Alveolar canal extension: risk probability with implants?

In this mandible, especially on the right side, there is a very long (over 10mm) and atypical extension of the inferior alveolar nerve.  If I place implants through this should I expect any symptoms and if so, what symptoms would I expect?  What are your opinions and recommendations?


17 thoughts on: Alveolar canal extension: risk probability with implants?

  1. David levitt says:

    The question whether this is a branch or a loop. Loops generally appear as two distinct nerves on the sagittal view. In fact one of the slices clearly shows it as a branch. I doubt any numbness would occur.

  2. Raul says:

    Could you be more specific as to the position you want to place your implants.
    The Inferior Alveolar Nerve always extends to the mid line through the mandibular incisive canal, some call that portion of the nerve the Mandibular Incisive Nerve. This portion of the nerve enervates the Canine, Lateral and Central Incisors, it has nothing to do with the innervation of the lip or any other soft tissue.
    The Inferior Alveolar Nerve also has a branch that exits through the Mental Foramen called the Mental Nerve. It enervates the lip and the soft tissue of the chin.
    Paresthesia and Hyperesthesia are the main concerns when damaging the
    the Inferior Alveolar Nerve before it exits the Mental Foramen or also damaging the Mental Nerve .
    In certain occasions hyperesthesia can be caused by placing the implant close to the Mandibular Incisive Nerve. Most of the time this can be prevented by staying away from the nerve or drilling through the nerve.

  3. Adibo says:

    As Raul pointed out, you need to specify where in this edentulous mandible you intend to place the implants. It seems there is enough height for placing 8-10mm implants without hitting the nerve.

  4. Robert J Miller says:

    The risk for transecting the incisive nerve is not parasthesia, but rather dysesthesia from Wallerian degeneration of this branch of V3. The most common presentation is a burning sensation. If teeth are present you also run the risk of devasciularization of the teeth on this side. RJM

    • Raul R Mena says:

      In this case dysesthesia and hyperesthesia are the same.
      The worst case scenario is a burning sensation in the area. Most of the time is taken care by doing a reentry distal of the traumatized nerve and sectioned again.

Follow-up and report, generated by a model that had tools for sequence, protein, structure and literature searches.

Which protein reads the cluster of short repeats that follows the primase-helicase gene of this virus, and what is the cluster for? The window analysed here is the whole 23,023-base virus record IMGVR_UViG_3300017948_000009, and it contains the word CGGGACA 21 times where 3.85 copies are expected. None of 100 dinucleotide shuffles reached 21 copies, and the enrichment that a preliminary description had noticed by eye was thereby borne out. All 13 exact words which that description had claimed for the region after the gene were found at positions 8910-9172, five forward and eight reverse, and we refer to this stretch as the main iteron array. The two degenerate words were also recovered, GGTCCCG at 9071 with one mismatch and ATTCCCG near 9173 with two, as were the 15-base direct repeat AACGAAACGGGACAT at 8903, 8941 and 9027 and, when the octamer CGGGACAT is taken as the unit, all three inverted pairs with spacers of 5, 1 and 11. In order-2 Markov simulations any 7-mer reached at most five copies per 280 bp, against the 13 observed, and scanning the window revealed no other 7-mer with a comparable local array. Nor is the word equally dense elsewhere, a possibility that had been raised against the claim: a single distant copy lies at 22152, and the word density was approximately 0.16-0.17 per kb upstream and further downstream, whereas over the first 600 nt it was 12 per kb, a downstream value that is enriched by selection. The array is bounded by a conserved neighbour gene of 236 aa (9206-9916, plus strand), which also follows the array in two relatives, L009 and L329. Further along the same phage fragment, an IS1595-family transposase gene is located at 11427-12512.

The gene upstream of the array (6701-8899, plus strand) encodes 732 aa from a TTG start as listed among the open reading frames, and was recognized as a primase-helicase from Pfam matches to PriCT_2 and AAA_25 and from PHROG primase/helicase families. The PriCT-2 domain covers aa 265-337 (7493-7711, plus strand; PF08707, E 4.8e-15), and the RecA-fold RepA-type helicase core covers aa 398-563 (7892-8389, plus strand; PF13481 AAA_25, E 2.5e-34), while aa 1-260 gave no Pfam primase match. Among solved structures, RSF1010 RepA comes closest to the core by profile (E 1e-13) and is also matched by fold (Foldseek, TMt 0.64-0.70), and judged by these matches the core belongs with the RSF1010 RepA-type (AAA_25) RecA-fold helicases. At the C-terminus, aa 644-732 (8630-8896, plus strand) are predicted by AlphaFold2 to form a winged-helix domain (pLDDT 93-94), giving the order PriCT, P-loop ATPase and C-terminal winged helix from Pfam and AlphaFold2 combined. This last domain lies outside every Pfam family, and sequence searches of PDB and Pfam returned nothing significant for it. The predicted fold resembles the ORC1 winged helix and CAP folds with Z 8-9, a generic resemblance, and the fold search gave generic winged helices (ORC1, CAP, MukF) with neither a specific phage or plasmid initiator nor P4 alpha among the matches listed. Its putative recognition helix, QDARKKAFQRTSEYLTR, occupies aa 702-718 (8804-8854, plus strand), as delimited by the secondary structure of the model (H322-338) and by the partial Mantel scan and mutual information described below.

5. Dan says:

    Thank you dear colleagues for your comments.
    my intentions are to insert the implants in the inter foramina zone.
    for an overdenture ancored to ball attachments or an all on four fixed denture.
    as not all your opinions are concordant about the upcoming symptomes, I would like to ask you if any of you has a personal experience with a case like this.
    unfortunately ,as you all know , not always the theories will mach perfectly the reality of
    clinical life.
    Thank you very much.

      • Dan says:

        Thank you very much . as I see it ,it’s not a classic loop where
        fibers are coming out from the foramen AFTER the ending of the loop
        but a strait extention from the foramen,
        what do you think ?

  6. Jean Paul Demajo says:

    I have done this many times, close to this so-called mental loop or through it. I believe the areas of true danger are the mental foramina and posterior to it. To my knowledge my patients have experienced no numbness or burning sensation. But ideally one avoids it.

  7. Sami Jade. OMFS says:

    This is the Incisive nerve which is a terminal branch of the inferior alveolar nerve. In my practice , I don’t take in consideration the presence of this nerve, either in tumor or genioplasty and by extension in Oral Implantology. Even in the literature, there is no case report of incisive nerve traumatic neuropathy. In your case, you don’t even have the probability of reversible hypoesthesia of the anterior teeth, as it is an edentulous case. However, what you have to do is to leave a security distance of 5 to 6 mm between the most distal implant and the mental foramen in order to prevent an injury to the mental nerve which can provoke neurological symptomes in the lower lip and chin area.

  8. Dr. Shet says:

    Every patients has this branch. For some patient it is very prominent, for others are not.
    you can’t avoid this branch . Best thing is Its main role is supply to the incisor teeth, and a tiny branch come out thorough the lingual side and role is not very clear. For edentulous case the patient has no complain even after injury. Some patient fell pain during drilling, its may be due to injury of that nerve. but no complain after healing phase . paresthesia, hyperesthesia are not the issue in this case. Burning sensation can be develop but I never encountered. So I think you should do otherwise another doctor will definitely do.

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